01 August 2012


"We think we know everything; we don't know shit." 

Eighteen years ago a drag queen used this line in a play I attended. She might well have been speaking for me. I'd recently come out as a gay man and come out of a right-wing fundamentalist Christian worldview, one in which I'd thought I pretty much knew everything. I'd come to understand I didn't know shit.

I still don't. And life keeps reminding me of this. 

A few weeks back at a weekend writer's retreat I wrote a haiku poem. I was pleased with my effort:

Green pine cones stay closed.
Brown ones open like roses.
Dying, we blossom.

The retreat leader had outlined the basic structure of haiku. It consists of three lines with five syllables in the first line, seven in the second, and five again in the third line. "It's good editing practice for writers," she said. "You have to pare down your message to 17 syllables."

Traditionally, haiku poetry deals with nature. We were instructed to focus on a particular object in the natural world, asked to describe it in two lines. By the time we reached the last line, we were to broaden our vision and address some universal aspect.

I wrote about a pine cone, yes, but really I was writing about my process of coming out as a gay man. The years I spent with my eyes shut tight, my emotions shut down, anger brewing underneath. The process of coming out to myself and others in my mid-30s. The way my marriage withered, as did many relationships, as did my roles as father, son and brother. At the same time, the way something inside me uncurled, unfurled; I came alive, began to breathe. 

Dying, we blossom. I like how these five syllables capture my coming out experience. I like how they speak hope into the mystery of the Beyond. Maybe our great, gray, gay poet Walt Whitman has it right, "Death is far different than we imagine. And luckier."

Maybe. Or maybe both he and I are full of shit.

This past weekend our aged black lab Maddie was severely injured when a car hit her on the county lane in front of our house. Earlier this summer she'd taken to sleeping out of doors at night, not caring to navigate the four stairs up and into the house. When Dave called her to breakfast Friday morning she didn't show. She'd been doing that, too—refusing food for up to three days at a stretch.  Dave called again. He heard a yelping from out by the roadside, saw something black. Maddie.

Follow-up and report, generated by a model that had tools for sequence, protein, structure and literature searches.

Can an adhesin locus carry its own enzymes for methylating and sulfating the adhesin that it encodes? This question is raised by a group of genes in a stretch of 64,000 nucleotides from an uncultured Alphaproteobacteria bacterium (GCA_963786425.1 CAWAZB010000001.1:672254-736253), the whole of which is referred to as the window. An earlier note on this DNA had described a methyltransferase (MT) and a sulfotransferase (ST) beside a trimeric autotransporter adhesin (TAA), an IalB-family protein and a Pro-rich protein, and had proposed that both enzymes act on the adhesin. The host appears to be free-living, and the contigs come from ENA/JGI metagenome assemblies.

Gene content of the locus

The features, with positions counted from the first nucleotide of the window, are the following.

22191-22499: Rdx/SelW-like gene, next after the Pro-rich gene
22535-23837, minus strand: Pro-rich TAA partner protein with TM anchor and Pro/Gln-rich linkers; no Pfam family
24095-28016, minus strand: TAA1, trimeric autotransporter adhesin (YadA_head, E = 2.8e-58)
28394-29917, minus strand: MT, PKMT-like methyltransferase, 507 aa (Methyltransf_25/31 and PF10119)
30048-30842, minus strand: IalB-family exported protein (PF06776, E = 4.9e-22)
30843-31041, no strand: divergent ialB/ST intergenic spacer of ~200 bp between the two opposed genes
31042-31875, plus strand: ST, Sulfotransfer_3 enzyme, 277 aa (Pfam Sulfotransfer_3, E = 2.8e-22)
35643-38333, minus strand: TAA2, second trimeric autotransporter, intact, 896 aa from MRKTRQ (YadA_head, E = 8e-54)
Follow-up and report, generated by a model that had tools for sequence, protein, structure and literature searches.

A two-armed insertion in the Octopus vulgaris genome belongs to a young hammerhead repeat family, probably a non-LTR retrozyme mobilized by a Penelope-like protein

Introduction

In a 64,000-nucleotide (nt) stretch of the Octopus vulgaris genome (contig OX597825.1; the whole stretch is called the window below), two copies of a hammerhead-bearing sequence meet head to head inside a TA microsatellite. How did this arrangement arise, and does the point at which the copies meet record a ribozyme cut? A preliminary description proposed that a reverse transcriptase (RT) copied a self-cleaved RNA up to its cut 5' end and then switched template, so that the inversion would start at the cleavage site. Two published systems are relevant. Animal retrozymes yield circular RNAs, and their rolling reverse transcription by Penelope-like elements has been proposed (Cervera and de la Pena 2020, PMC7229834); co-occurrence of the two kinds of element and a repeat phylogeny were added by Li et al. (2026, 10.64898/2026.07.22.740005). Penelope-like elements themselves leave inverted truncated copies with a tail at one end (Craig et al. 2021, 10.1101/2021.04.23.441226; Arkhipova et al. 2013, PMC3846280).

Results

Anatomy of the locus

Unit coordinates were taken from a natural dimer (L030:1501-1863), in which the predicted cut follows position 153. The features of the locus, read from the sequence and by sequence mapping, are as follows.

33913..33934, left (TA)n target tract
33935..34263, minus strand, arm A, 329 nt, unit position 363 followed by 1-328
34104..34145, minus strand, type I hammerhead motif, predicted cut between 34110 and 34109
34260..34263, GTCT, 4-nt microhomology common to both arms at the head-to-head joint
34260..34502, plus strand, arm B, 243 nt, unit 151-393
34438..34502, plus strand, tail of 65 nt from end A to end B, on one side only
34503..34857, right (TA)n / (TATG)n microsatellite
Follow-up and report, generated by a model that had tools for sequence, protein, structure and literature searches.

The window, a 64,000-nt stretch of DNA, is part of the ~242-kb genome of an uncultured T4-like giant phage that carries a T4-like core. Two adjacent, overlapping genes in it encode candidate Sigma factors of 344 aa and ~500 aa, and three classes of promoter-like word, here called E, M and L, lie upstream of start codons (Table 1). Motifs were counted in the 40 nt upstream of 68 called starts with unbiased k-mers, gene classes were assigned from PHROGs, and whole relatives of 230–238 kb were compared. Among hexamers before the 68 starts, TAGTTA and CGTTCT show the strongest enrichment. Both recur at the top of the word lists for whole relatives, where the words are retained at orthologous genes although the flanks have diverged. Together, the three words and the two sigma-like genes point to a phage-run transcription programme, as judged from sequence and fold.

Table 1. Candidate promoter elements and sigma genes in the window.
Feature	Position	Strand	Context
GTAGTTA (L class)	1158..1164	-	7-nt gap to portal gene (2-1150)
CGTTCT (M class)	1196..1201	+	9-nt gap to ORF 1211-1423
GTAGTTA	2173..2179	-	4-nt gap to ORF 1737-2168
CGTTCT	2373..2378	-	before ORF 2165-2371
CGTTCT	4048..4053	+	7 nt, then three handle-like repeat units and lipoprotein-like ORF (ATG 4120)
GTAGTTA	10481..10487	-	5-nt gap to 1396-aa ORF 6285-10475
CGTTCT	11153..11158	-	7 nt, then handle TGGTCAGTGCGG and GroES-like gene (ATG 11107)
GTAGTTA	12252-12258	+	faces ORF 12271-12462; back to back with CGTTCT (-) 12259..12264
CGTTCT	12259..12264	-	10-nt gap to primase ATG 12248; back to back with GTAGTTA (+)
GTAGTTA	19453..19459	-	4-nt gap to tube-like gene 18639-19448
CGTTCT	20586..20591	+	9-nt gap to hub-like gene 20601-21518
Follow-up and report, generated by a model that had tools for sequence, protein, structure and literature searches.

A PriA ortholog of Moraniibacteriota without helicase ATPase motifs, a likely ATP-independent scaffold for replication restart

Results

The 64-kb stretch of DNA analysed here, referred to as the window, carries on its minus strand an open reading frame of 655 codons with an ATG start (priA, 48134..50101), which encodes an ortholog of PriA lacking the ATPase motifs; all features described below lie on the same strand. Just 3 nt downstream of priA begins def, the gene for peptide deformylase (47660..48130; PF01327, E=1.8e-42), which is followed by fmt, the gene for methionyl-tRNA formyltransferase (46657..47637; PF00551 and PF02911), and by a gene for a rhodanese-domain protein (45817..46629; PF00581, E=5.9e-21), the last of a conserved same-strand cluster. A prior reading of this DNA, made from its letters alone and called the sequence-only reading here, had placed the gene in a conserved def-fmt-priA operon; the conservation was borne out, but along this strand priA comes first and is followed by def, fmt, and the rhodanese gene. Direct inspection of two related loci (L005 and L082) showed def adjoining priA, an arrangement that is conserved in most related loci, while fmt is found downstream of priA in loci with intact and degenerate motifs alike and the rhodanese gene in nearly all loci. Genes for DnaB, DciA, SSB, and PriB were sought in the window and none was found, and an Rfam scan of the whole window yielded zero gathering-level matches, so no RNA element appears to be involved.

She relaxed as soon as she saw him. He called for me. What could we do? Nothing. Nothing but be present to her even as we waited for the veterinarian to arrive to euthanize her. 

We sat with her for three hours. She seemed relatively free of pain, relaxed, alert, aware. We talked to her, stroked her gently. She raised her left front paw and pressed it against us, her customary way of returning affection. 

We told her thank you. We reminisced about our 13 years as a family, how much she was a part of it. How she'd slept at our bedside, howled when we made love, followed us about the yard as we did chores, for several years accompanied me to the office, was a familiar and welcome sight at the design agency where I work. She'd been a gentle soul, tolerant of chickens and grandchildren. While she'd bark at raccoons, she'd learned to give deer a wide berth. 

The vet arrived with death in a syringe. We gave Maddie the best release we knew to give. 

I'd watched her carefully in those closing hours of her life. If she blossomed in death, I missed it. Yet so recently I'd prated on about us blooming as we let go of everything. As tears welled in my eyes, I realized again I don't know shit. 

I'm working on putting that into 17 syllables:

      Car-struck, our dog dies.
  The world rushes by, dammit.
  These are empty words.

An earlier version of this essay appeared in the August issue of The Community Letter.

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